Smith Island tidal marsh reclamation is well underway
Within earshot of I-5, a landscape of green and yellow opens up toward Puget Sound. Birds cruise through marine-fresh air, above watery channels where chinook, coho and pink salmon migrate inland to spawn. This is the Nisqually River Delta seven years after the federal government and the Nisqually Tribe oversaw a project to breach dikes to re-flood farmland. Channels snake their way through mud and marsh, reviving an estuary that had long lain dormant. Noah Haglund reports. (Everett Herald)

72 hours to vacate: First Nation gives eviction notice to salmon farm
A B.C. First Nation has served a 72-hour eviction notice to a fish farm on the northern coast of the province. Hereditary chiefs from Musgamagw Dzawada'enuxw First Nation boarded a Cermaq/Mitsubishi salmon farm off the Burdwood Islands earlier this week. Their message was clear: it's time to leave. "This is a 72-hour eviction notice to all salmon farmers in the unceded territory of the Musgamagw Dzawada'enuxw," said the Kingcome band's hereditary chief Willie Moon to a pair of farm workers in a video that has since amassed over 80,000 views on Facebook. Jon Hernandez reports. (CBC)

Warm water blamed for lowest sockeye salmon run on record
Warm summer temperatures may have Lower Mainlanders feeling good, but they are proving lethal for sockeye salmon. The Pacific Salmon Commission recently revised its already low forecast for sockeye numbers from 2.3 million to 1.1 million in the Fraser River, which would be the lowest number since records have been kept. As of August 12, the DFO has suspended all sockeye fisheries in response. John Reynolds, professor of aquatic ecology and conservation at Simon Fraser University, said three main factors are contributing to this year's low numbers: a small parental generation; a "blob" of warm water in the Pacific Ocean; and higher-than-normal temperatures in the Fraser River. Matt Meuse reports. (CBC)

Agency failing to protect marine mammals from the Navy — Joel Reynolds
After more than a decade of losing court battles, the U.S. Navy still refuses to fully embrace the idea that whales and other sea creatures should be protected during Navy training exercises, says Joel Reynolds, senior attorney for the Natural Resources Defense Council. But the blame cannot be placed entirely on the Navy, Joel says in a blog entry he wrote for the Huffington Post. “In fact, much of the blame lies with the government regulatory agency whose mandate it is to protect our oceans,” he writes. “It lies with the failure of the National Marine Fisheries Service to do its job.” Chris Dunagan reports. (Watching Our Water Ways)

Bangor submarine collides in Strait of Juan de Fuca
The ballistic-missile submarine USS Louisiana and a Navy offshore support vessel collided while conducting routine operations in the Strait of Juan de Fuca on Thursday, according to Submarine Force Pacific. The collision occurred at 6 p.m. There were no injuries. Damages to both vessels is being assessed. Ed Friedrich reports. (Kitsap Sun)

Now, your tug weather--
WEST ENTRANCE U.S. WATERS STRAIT OF JUAN DE FUCA-  858 AM PDT MON AUG 22 2016  

TODAY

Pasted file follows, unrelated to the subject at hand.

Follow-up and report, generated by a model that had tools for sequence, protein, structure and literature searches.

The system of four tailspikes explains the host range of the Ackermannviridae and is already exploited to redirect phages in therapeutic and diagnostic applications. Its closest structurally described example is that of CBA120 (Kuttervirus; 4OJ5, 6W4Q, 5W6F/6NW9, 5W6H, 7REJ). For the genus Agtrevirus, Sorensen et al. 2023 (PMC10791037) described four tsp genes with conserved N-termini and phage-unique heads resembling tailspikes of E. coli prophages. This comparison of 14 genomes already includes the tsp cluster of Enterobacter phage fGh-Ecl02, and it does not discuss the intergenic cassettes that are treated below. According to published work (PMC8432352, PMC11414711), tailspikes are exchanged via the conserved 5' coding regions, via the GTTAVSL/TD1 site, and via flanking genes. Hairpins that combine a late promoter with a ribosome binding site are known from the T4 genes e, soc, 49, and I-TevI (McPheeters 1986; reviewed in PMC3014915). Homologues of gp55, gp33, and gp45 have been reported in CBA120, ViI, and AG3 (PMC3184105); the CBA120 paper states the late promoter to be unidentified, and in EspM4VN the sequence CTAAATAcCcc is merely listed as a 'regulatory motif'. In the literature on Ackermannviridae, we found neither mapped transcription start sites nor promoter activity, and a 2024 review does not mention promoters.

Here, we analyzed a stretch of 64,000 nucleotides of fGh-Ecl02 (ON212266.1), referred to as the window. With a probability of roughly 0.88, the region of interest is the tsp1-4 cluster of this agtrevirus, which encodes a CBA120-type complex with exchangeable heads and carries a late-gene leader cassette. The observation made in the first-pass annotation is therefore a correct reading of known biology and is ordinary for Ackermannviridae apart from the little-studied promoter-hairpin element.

W WIND 5 TO 15 KT. WIND WAVES 2 FT OR LESS. W SWELL 5 FT  AT 8 SECONDS.
TONIGHT
 W WIND 5 TO 15 KT...BECOMING SW TO 10 KT AFTER MIDNIGHT.  WIND WAVES 2 FT OR LESS. W SWELL 4 FT AT 8 SECONDS.

--
"Salish Sea News & Weather" is compiled as a community service by Mike Sato. To subscribe, send your name and email to msato at salishseacom.com. Your email information is never shared and you can unsubscribe at any time.

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Friday, August 19, 2016

8/19 Goat party, killer bridge, BC pipes, BC climate plan, fish farms, saving farmland

Party, party... (PHOTO: WDFW/Seattle Times)
Party of 90 mountain goats near Mount Baker wows biologists
State biologists spotted something unusual while counting mountain goats near Mount Baker earlier this summer: a group of 66 adults and 24 kids traveling together up a snow field. Aerial photos released by the Washington Department of Fish and Wildlife show 90 goats about 5 miles from Artist Point, on the northeastern side of the volcano. Mountain goats are common in Washington’s mountain ranges. The department estimates the statewide population is between 2,400 and 3,200, including 400 to 500 in the area surrounding Mount Baker. But Rich Harris, who coordinates goat management for the department, says it’s rare to see that many goats gathered in one spot at the same time. Caitlin Moran reports. (Seattle Times)

Is the Hood Canal bridge killing fish?
A recent study of juvenile steelhead by the National Oceanic and Atmospheric Administration found an unusually high mortality on the south side of the 55-year-old bridge, but a lower death rate on the north side. There are several theories about the bridge and its impact on juvenile fish. The conservation group Long Live the Kings is hoping a new study will end the mystery…. Young fish headed out to sea from spawning grounds in the south are stopping at the center of the bridge. As they swim around the structure near the water’s surface, they become prey for the hungry seals that prowl the area looking for an easy meal. Kevin McCarty reports. (KIRO) See also: Scientists study Hood Canal bridge effect on fish  Tristan Baurick reports. (Kitsap Sun)

Kinder Morgan president says pipeline supporters drowned out
Kinder Morgan says it's building significant support for its Trans Mountain pipeline expansion project despite opposition from outspoken critics such as Vancouver Mayor Gregor Robertson. Since July, a federal panel has been gathering feedback from First Nations, non-governmental organizations and citizens along the Kinder Morgan Trans Mountain pipeline route.  Roshini Nair reports. (CBC)

Northern Gateway exposes divides in First Nations governance